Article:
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Nature?s Staircases

Nature is not neat and orderly, it is not planned and precise. Nature is a riot of randomness, of conflicting patterns, of inter-species warfare, of storm damage and regrowth.

Bearing that in mind, it is perhaps surprising to know that nature does create staircases, and not just in rock. Every wood or forest of any size will have plenty of staircases, carved out by the trees. If you are recreating nature's work in the virtual, these features are both essential for authenticity, and functional for navigation.

Nature's staircases appear only on hills and inclines. This is obvious if you think about it, as they cut away the existing slopes to form. They make use of the one area of trees and bushes most virtual environments forget all about - the roots.

A tree's roots can spread out just as far below ground as the branches do above. Leaving the roots out of the tree, means you only have half a tree, and you miss out on an amazing array of features these parts can create.

Tree roots spread through the soil, thick roots at first, branching into smaller and smaller roots, binding the soil together. Other plants, growing round the trees or parasiting on the trees if ground cover is sparse, also send roots down. These roots often start spreading out horizontally, just below the surface. On a slope, that means they should - and do - spread out at different levels further up the slope and lower down. They do not spread out parallel, and may twist and turn as bit, but they do run just below the surface.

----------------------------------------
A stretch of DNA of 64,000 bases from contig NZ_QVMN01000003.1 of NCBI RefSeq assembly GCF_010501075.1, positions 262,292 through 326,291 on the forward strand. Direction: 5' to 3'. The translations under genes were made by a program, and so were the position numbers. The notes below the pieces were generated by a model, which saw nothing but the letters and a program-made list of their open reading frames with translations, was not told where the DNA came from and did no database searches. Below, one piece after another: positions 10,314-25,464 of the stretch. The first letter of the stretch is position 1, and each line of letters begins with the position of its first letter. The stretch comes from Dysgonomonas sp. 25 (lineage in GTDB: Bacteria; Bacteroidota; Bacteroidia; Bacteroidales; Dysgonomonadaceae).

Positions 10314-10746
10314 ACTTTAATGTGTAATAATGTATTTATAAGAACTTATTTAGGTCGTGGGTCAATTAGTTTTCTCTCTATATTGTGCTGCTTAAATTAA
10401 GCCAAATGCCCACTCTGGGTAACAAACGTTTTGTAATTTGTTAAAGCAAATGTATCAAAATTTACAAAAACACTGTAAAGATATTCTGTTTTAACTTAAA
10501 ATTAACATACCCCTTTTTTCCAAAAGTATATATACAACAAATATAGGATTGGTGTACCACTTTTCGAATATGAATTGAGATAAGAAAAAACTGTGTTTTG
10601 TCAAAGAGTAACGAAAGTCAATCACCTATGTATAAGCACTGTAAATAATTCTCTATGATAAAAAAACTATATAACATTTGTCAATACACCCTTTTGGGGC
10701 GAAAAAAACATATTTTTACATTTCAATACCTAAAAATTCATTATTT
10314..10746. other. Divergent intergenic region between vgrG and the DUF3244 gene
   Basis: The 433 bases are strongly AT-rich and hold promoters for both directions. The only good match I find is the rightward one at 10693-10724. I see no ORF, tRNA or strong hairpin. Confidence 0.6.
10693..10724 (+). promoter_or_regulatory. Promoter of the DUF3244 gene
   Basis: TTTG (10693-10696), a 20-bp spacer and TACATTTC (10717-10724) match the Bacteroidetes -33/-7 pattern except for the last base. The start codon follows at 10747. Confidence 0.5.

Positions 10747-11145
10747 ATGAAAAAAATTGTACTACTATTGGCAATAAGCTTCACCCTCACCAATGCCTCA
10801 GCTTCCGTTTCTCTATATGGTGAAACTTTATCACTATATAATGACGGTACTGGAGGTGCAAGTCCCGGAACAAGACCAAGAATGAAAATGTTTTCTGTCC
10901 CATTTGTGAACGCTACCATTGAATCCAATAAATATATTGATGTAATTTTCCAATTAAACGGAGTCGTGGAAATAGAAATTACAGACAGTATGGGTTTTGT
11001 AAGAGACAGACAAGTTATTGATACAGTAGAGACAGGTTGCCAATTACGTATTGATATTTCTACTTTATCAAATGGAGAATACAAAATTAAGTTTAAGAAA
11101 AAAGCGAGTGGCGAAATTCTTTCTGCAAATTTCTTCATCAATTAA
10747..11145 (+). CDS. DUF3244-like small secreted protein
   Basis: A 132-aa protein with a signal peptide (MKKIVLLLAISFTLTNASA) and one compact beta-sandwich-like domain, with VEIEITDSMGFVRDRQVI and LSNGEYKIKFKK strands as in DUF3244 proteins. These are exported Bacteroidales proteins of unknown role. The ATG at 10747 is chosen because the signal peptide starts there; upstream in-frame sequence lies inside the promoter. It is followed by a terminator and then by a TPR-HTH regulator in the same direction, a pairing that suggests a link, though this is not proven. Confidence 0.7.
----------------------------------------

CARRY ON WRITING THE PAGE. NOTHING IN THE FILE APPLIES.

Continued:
Over time, rain water washing down a slope will try to wash the soil away. Roots binding the soil hold it in place, preventing this.

If however, that point on the slope is used as a path, whether for animals, or humanoid traffic, then the ground is slowly worn away under paws and boot heels, the more fragile, fleshy roots destroyed over time. People slipping and sliding on wet ground, start to claw out grooves on the slope. These grooves dislodge all except the large, wooden roots of trees, which withstand and stop sliders.

Over time, the disturbed muddy earth dries, and the next rain washes the excess away. As more time passes, a groove begins to form, between each half-exposed tree root and the next one down. A crude step begins to take shape. It is protected from hollowing out too much as the tree toot stops the soil slipping, and so debris builds up in each step and mulches down, making it less slippery when wet. A crude stairwell has formed in the slope.

Some steps will cut right across the path, mostly straight. Others will cut partway across, then disappear as the roots forming them turn sideways and burrow into the hill. More often than not, you end up with a staircase in which people must cross from one side of the path to the other and back again, as they ascend it. Never the less, they can easily ascend and descend, without hanging on to things. For these, are nature's staircases, and become a major thoroughfare for the wood.

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